Picking a Winner? Evidence from the Non-Manufacturing High-Tech Industry in the Blacksburg MSA
Regional scientists have developed numerous concepts and measures of economic diversity and diversification, primarily motivated by the desire to establish a relationship between diversity and economic performance. Rather than striving for a unified theory with a singular measure, this paper argues that economic developers should employ a multi-dimensional framework that combines the comparative advantages of a range of theoretical approaches. The application of locational, agglomerational and risk-reward measures to the non-manufacturing high-tech industry for the Blacksburg MSA in southwestern Virginia reveals specific policy implications and offers lessons for economic policy design.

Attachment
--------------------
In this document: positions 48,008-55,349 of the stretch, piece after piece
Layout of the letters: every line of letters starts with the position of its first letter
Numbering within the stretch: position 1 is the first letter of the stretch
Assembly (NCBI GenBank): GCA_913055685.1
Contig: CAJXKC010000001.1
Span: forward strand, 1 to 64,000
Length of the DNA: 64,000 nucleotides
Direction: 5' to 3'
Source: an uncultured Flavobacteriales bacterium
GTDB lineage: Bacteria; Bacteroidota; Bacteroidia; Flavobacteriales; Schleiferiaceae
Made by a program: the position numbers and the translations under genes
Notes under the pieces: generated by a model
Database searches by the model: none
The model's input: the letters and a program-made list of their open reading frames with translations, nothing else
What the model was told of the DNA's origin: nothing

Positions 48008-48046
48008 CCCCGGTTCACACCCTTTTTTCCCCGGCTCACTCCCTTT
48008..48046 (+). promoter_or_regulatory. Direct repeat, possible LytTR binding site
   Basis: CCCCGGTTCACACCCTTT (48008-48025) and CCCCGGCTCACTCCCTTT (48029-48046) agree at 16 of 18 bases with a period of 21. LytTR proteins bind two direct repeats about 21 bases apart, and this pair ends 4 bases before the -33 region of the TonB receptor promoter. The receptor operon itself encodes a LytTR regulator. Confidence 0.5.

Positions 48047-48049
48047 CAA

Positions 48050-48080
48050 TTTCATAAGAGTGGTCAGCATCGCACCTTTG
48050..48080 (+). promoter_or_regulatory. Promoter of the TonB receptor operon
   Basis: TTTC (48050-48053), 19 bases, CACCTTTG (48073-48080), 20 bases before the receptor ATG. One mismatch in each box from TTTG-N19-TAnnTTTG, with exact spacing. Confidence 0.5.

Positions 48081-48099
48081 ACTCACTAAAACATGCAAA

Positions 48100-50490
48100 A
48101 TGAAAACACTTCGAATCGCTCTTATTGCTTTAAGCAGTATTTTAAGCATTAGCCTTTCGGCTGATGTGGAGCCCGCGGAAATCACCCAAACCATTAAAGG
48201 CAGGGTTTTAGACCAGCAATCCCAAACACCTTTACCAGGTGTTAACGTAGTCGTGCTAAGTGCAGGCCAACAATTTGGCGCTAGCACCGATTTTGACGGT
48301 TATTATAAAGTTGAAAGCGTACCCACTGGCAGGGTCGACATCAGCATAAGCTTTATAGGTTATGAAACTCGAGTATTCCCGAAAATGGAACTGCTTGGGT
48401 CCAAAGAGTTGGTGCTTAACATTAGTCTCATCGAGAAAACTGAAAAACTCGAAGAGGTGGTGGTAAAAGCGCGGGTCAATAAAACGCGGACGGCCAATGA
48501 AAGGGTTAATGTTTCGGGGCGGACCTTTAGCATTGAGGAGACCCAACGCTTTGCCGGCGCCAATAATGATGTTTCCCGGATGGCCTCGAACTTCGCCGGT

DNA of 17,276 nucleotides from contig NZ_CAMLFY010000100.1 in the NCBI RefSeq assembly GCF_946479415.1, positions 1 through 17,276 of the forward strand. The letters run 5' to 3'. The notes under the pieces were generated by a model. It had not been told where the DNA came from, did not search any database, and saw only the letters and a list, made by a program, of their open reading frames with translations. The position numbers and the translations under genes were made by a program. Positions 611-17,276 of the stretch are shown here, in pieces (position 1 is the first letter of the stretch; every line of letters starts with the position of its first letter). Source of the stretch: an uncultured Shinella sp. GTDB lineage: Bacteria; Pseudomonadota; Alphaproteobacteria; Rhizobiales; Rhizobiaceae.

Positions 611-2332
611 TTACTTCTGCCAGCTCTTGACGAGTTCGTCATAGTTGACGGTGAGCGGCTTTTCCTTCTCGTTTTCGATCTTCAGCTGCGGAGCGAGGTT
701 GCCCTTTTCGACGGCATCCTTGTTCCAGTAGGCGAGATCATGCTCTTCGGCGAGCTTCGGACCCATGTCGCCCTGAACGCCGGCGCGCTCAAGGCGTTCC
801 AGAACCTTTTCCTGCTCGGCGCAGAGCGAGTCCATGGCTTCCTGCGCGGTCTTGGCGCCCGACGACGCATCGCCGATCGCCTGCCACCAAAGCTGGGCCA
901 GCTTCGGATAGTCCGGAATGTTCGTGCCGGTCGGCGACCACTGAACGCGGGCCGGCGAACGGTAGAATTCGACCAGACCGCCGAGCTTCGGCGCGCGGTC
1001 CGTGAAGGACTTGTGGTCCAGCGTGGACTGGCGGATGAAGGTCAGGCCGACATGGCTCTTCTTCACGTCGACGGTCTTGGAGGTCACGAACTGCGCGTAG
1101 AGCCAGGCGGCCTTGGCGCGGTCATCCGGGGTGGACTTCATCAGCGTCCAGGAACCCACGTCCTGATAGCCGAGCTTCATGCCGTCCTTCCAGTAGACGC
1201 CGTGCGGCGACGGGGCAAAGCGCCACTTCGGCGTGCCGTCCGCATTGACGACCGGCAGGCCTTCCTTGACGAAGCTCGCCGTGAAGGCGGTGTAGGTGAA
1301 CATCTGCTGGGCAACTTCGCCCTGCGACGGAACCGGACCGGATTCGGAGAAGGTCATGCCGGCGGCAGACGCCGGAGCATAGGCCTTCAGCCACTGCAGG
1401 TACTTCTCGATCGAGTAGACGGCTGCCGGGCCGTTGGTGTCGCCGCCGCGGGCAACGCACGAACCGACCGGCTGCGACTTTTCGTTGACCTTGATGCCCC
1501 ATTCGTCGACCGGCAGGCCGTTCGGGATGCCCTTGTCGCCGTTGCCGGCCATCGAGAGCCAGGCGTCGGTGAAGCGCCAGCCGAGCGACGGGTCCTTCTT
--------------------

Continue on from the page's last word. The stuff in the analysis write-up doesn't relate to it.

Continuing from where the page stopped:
|Date of creation:||06 Dec 2006|
|Date of revision:||06 Dec 2006|
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- Douglass C. North, 1955. "Location Theory and Regional Economic Growth," Journal of Political Economy, University of Chicago Press, vol. 63, pages 243-243.
- Bresnahan, Timothy F & Gambardella, Alfonso & Saxenian, AnnaLee, 2001. "'Old Economy' Inputs for 'New Economy' Outcomes: Cluster Formation in the New Silicon Valleys," Industrial and Corporate Change, Oxford University Press, vol. 10(4), pages 835-860, December.
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